(k) That is, for the poor to dwell in.

EXEGETICAL (ORIGINAL LANGUAGES)
8. that they may be … earth] Render with R.V., and ye be made to dwell alone in the midst of the land; i.e. so that only the few have residential rights.

8–10. The first woe, against the absorption of small properties by the wealthy landowners. Cruel evictions, by which the smaller peasant proprietors lost not only their homes but the rights of citizenship, were common in the age of Isaiah, both in Judah and Israel. Cf. Micah 2:2; Micah 2:9; Amos 2:6 f. “The old Israelite state was so entirely based on the participation of every freeman in the common soil, and so little recognised the mere possession of capital, that men were in danger of losing civil rights along with house and fields, and becoming mere hirelings or even slaves” (Duhm). An instance of the tenacity with which the Hebrew yeoman clung to his land may be seen in 1 Kings 21. For legal checks to this evil, see Leviticus 25:8 ff.; Num. 27:1–11, 36; Deuteronomy 27:17.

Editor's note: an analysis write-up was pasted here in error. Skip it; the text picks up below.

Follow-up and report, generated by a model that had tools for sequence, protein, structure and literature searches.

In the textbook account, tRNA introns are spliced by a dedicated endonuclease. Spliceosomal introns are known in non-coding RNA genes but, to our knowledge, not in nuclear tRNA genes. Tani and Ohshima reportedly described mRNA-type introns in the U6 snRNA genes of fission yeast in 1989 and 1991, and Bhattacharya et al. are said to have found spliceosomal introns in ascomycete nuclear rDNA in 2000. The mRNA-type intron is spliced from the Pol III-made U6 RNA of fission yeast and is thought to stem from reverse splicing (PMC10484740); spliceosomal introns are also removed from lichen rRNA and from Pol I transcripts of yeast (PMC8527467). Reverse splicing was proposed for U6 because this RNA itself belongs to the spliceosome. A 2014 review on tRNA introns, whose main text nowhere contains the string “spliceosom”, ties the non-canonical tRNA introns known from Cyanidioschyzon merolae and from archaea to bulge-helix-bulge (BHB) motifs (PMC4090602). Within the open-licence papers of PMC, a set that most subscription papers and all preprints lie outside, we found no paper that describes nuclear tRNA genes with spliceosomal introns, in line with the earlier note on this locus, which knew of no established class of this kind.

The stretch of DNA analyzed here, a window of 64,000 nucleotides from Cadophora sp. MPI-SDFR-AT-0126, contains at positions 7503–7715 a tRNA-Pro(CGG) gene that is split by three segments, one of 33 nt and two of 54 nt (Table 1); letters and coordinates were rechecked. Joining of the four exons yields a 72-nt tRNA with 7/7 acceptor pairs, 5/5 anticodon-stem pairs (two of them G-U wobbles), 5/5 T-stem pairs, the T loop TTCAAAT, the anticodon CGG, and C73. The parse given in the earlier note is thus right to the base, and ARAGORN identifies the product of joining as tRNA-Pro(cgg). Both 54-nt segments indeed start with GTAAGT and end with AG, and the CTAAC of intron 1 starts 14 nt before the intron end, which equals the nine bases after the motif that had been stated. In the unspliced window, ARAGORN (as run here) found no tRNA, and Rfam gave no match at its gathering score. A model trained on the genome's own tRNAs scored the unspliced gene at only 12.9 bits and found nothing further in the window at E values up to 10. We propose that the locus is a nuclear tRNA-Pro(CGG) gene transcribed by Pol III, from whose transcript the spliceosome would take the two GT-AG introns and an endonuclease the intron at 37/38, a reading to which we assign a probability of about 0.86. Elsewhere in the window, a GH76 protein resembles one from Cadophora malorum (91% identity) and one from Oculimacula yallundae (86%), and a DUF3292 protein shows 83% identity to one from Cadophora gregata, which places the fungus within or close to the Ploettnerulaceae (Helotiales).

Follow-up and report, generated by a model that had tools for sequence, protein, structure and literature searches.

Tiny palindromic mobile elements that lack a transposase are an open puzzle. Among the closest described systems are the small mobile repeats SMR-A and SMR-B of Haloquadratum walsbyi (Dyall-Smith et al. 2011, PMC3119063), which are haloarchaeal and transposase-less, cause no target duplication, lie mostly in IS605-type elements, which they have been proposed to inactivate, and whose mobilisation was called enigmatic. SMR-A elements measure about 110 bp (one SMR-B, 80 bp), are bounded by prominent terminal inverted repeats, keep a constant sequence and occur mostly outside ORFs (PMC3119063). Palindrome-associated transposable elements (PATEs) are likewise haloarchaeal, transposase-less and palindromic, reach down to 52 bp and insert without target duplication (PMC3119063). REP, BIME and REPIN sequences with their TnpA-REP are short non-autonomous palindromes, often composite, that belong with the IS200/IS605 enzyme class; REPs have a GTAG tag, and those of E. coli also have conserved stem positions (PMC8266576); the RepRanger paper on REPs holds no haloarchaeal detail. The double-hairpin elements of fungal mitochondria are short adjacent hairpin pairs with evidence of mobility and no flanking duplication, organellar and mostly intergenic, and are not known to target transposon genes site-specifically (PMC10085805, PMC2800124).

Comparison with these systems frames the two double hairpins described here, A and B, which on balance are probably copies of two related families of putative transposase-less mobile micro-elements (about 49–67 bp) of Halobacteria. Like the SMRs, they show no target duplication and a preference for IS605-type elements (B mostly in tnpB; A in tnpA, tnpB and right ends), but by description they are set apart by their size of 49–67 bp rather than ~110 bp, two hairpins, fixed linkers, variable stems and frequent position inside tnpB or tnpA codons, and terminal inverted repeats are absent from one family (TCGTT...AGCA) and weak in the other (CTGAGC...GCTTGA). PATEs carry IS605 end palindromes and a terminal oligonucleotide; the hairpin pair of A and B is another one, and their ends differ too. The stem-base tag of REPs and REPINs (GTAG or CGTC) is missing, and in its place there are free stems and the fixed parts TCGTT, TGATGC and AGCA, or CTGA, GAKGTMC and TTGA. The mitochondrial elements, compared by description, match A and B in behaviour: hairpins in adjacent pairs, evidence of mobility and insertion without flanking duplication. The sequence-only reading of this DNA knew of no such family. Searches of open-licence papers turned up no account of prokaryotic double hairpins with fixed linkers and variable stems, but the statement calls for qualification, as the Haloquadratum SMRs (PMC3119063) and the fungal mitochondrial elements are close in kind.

8–24. Denunciation of the Social Evils which call down God’s Judgment on the Nation